Daigoji (醍醐寺) is a large and important temple located in Kyoto’s Yamashina district (which is somewhat separated from the city proper in the next valley) and is one of the 17 sites which together constitute the Kyoto UNESCO World Heritage listing. It’s especially renowned for the many cherry blossom trees planted on its grounds and is one of the city’s prime cherry blossom viewing spots – the trees are of a variety of species with slightly different blossoming times, so it has a longer window of opportunity than most places. Of course the temple gets very crowded throughout the cherry blossom period, but the expansive grounds and the slight extra effort required to get there mean it isn’t quite as packed as places like Kiyomizu-dera.
The main temple area is located at the foot of the mountain, but Daigoji also has a cluster of buildings located on top of the mountain (Kami Daigo, 上醍醐, Upper Daigo) and there’s a hiking trail connecting the two areas (the mountain in question is the ridge that forms the border between Kyoto and neighbouring Shiga Prefecture). You can find the entrance to the trail at the back of the main temple area – with a ticket gate blocking your way. The fee to enter, at time of writing, is 600 yen (see the Japan Guide Daigoji page for more information)
The first bit of the temple grounds is free to enter:
When you reach this guardian gate with the Nio statues there’s an entrance fee for that section of the grounds:
You can go through that section and come out of this gate at the back:
Then just walk up here to find the trail entrance (山頂 means summit and 上醍醐 is Kami Daigo):
The trail entrance (closed off at time of this photo due to typhoon damage):
Alternatively if you don’t want to go through the paid section, turn right at the guardian gate and go this way:
Then take this left to walk up to the trail entrance (path closed off at time of this photo due to typhoon damage):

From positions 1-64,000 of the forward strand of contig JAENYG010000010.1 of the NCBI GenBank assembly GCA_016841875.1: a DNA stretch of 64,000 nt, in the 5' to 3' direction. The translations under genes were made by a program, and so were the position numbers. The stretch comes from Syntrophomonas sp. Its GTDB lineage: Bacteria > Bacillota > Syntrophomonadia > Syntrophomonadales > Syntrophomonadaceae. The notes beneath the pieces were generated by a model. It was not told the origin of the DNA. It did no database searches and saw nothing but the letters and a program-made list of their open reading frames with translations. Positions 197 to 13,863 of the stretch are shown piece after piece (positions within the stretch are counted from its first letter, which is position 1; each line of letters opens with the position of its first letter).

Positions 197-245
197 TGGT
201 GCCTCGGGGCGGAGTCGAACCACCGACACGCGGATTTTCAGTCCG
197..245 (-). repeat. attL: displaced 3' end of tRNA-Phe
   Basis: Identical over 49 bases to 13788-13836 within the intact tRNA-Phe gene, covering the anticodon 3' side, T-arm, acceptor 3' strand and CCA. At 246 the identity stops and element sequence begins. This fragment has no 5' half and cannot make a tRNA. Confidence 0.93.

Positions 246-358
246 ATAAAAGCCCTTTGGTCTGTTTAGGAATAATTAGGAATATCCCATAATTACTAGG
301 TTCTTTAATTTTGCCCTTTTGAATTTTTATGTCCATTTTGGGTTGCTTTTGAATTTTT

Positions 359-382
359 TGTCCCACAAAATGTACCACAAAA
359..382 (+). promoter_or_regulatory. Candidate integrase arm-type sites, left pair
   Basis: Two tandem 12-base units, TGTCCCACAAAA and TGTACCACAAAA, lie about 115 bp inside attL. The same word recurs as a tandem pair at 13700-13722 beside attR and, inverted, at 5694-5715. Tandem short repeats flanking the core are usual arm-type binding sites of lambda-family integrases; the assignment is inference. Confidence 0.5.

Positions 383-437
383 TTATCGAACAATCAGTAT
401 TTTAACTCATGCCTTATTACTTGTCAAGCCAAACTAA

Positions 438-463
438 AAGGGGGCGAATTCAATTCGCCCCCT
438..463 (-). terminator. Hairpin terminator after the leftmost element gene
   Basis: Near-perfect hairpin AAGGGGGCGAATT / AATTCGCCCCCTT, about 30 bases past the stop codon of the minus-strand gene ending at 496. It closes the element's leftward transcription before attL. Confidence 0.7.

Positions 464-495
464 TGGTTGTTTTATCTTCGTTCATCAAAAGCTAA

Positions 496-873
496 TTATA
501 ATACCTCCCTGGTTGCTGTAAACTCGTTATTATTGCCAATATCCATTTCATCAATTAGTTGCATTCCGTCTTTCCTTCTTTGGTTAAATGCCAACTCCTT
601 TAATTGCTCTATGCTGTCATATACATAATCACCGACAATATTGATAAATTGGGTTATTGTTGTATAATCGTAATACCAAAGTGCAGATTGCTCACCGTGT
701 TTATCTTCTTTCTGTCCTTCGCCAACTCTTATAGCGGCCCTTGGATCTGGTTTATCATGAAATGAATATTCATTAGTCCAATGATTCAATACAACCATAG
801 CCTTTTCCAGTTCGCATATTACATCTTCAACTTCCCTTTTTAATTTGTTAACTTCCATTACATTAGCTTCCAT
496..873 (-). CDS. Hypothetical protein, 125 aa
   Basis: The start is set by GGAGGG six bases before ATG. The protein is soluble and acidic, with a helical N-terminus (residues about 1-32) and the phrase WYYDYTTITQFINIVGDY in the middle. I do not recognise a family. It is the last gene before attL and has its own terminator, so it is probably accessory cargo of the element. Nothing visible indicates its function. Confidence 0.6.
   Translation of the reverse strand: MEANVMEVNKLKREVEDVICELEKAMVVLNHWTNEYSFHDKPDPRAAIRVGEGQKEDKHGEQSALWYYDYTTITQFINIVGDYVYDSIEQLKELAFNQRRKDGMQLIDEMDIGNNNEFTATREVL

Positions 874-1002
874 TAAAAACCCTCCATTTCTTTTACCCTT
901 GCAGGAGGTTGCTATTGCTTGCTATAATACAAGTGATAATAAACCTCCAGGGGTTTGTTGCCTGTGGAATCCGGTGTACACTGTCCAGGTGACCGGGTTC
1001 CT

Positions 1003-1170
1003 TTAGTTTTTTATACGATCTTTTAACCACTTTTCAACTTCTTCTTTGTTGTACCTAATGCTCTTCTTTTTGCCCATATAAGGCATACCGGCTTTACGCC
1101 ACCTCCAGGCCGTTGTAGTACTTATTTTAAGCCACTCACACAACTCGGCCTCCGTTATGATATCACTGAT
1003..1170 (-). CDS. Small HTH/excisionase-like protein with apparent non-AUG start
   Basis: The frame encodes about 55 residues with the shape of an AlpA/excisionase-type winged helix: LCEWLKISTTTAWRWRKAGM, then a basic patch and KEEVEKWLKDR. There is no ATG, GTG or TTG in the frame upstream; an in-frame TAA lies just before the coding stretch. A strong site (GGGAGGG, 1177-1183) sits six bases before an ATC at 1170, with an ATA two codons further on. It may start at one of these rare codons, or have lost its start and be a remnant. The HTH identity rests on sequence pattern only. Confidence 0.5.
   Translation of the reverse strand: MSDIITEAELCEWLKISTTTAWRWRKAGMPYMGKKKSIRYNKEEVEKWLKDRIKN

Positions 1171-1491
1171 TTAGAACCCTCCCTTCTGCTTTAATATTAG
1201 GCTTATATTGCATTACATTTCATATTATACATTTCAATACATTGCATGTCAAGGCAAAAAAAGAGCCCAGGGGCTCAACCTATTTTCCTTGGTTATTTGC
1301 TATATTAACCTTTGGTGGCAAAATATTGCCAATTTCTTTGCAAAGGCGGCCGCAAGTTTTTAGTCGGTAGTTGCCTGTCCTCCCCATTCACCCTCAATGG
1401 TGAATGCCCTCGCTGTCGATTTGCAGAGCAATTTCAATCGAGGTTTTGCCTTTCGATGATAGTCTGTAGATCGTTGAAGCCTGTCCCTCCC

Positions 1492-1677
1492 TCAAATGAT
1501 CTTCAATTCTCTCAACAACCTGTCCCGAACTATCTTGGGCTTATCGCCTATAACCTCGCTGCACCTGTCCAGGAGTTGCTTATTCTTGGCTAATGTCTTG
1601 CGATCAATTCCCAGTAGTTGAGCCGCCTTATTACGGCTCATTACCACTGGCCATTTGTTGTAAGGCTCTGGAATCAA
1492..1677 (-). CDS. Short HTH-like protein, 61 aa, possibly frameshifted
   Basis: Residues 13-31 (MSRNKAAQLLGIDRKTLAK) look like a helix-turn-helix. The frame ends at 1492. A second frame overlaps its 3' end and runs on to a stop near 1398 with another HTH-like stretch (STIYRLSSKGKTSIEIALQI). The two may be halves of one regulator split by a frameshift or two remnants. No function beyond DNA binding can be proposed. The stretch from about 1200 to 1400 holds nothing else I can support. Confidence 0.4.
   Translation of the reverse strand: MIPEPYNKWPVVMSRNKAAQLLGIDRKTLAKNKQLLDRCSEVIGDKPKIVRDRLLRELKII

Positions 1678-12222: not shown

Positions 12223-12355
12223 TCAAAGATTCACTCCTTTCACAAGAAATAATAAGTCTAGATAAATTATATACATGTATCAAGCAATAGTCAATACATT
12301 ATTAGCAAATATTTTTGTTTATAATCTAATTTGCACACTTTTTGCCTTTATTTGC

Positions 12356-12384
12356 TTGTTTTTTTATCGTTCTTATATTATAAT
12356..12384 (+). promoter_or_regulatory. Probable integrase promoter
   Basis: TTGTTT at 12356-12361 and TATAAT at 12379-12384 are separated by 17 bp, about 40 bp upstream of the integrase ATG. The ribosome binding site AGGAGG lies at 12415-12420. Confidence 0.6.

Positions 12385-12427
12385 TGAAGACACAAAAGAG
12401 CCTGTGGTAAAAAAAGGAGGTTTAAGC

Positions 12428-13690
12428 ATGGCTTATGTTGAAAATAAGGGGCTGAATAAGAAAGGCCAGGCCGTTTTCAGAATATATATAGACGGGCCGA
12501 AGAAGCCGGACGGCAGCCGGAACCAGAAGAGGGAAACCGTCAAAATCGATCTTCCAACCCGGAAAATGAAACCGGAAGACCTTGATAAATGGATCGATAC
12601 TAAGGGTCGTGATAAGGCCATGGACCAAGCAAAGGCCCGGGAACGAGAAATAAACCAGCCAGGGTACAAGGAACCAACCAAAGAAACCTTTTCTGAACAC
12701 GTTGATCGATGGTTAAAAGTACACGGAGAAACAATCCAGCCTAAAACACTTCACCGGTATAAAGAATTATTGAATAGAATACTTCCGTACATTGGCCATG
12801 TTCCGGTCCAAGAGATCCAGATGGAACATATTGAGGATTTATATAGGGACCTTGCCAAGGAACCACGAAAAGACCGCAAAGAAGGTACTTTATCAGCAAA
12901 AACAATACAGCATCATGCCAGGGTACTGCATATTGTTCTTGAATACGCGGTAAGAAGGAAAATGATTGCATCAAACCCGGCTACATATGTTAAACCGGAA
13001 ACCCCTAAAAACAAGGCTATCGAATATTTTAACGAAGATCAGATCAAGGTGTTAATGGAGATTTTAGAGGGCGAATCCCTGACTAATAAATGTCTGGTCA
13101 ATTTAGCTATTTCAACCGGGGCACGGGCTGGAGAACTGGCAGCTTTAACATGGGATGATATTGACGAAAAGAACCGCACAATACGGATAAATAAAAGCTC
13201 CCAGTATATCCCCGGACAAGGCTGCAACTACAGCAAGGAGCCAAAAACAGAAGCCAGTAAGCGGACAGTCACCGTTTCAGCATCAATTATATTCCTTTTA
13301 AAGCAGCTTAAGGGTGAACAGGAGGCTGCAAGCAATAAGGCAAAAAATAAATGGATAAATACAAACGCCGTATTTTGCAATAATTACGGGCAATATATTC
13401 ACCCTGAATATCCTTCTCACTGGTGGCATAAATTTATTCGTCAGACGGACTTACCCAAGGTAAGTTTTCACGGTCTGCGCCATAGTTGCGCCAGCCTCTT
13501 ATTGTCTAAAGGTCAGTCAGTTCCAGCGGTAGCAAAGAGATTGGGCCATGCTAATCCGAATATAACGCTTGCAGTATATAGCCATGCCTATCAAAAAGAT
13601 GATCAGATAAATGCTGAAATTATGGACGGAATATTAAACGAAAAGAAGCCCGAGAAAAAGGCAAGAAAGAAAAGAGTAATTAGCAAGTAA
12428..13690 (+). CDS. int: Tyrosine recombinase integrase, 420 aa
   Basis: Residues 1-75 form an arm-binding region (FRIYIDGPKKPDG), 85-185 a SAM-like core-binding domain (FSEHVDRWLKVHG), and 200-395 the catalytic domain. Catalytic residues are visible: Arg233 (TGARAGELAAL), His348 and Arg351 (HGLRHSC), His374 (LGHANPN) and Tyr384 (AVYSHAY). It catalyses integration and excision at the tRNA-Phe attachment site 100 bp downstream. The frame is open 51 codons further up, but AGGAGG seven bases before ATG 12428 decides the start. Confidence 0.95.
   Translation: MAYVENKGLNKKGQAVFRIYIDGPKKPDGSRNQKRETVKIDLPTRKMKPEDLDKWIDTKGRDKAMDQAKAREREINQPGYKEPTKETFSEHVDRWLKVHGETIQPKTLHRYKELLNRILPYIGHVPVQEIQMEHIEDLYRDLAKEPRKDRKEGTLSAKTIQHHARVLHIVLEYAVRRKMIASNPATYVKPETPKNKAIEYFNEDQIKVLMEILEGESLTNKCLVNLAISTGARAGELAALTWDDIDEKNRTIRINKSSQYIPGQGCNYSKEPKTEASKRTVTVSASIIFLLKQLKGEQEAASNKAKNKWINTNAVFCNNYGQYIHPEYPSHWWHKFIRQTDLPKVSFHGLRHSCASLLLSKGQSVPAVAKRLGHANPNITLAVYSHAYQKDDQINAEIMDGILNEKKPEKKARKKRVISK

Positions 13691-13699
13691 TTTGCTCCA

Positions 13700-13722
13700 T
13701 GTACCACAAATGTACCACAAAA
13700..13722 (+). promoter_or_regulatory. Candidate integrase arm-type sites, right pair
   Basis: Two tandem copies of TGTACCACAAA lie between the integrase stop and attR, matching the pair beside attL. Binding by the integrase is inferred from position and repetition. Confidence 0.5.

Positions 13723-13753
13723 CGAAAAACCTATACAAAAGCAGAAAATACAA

Alternatively before reaching the guardian statues you can turn right at this signpost, walk to the end & go out of the gate to the road, then go up to the left and this also gets you up to the trail entrance:
The Daigoji temple hike up to Kami Daigo
The trail’s straightforward and clearly marked, presenting no navigational issues. It is pretty steep though and takes around an hour, so it’s a pretty good work out. The trail up’s through the forest and there aren’t any viewpoints, but there’s a waterfall partway up and a few mini-shrines; it isn’t particularly interesting to be honest, but the temple area at the top is pretty neat. The buildings up there are old and grand, and as the crowds mostly stay down at the bottom it feels a bit like stumbling over a lost temple in the forest, almost Lord of the Rings-esque. This is one of the main remaining places in Japan for the practice of Shugendo (mountain asceticism) by Yamabushi mountain priests, and it has an appropriately mysterious atmosphere; for more on the Yamabushi see here. There are good views looking out to the south towards Nara and Osaka, and when I went up there I didn’t see a single soul either on the trail or up at the top.
I only have a few photos from my crappy old flip-phone:
The Daigoji temple hike is by no means my favourite hike in Kyoto, but if you visit in spring and combine it with a spot of cherry blossom viewing it makes for a good day out.
How to get to Daigoji temple
To reach Daigoji, ride the Kyoto subway Tozai (東西) line (orange on the map) to Daigo Station from where it’s about a 15-minute walk east to the temple. Coming out of exit 2, turn right through this shopping centre and up the elevator at the end, then follow the path up through the residential district to the temple:
For hiking in the Tokyo area, see here
Have you done this hike, or do you have any questions? Leave a comment below and I’ll get back to you.
(Photo credit: nekotank, Flickr. Used under Creative Commons license)
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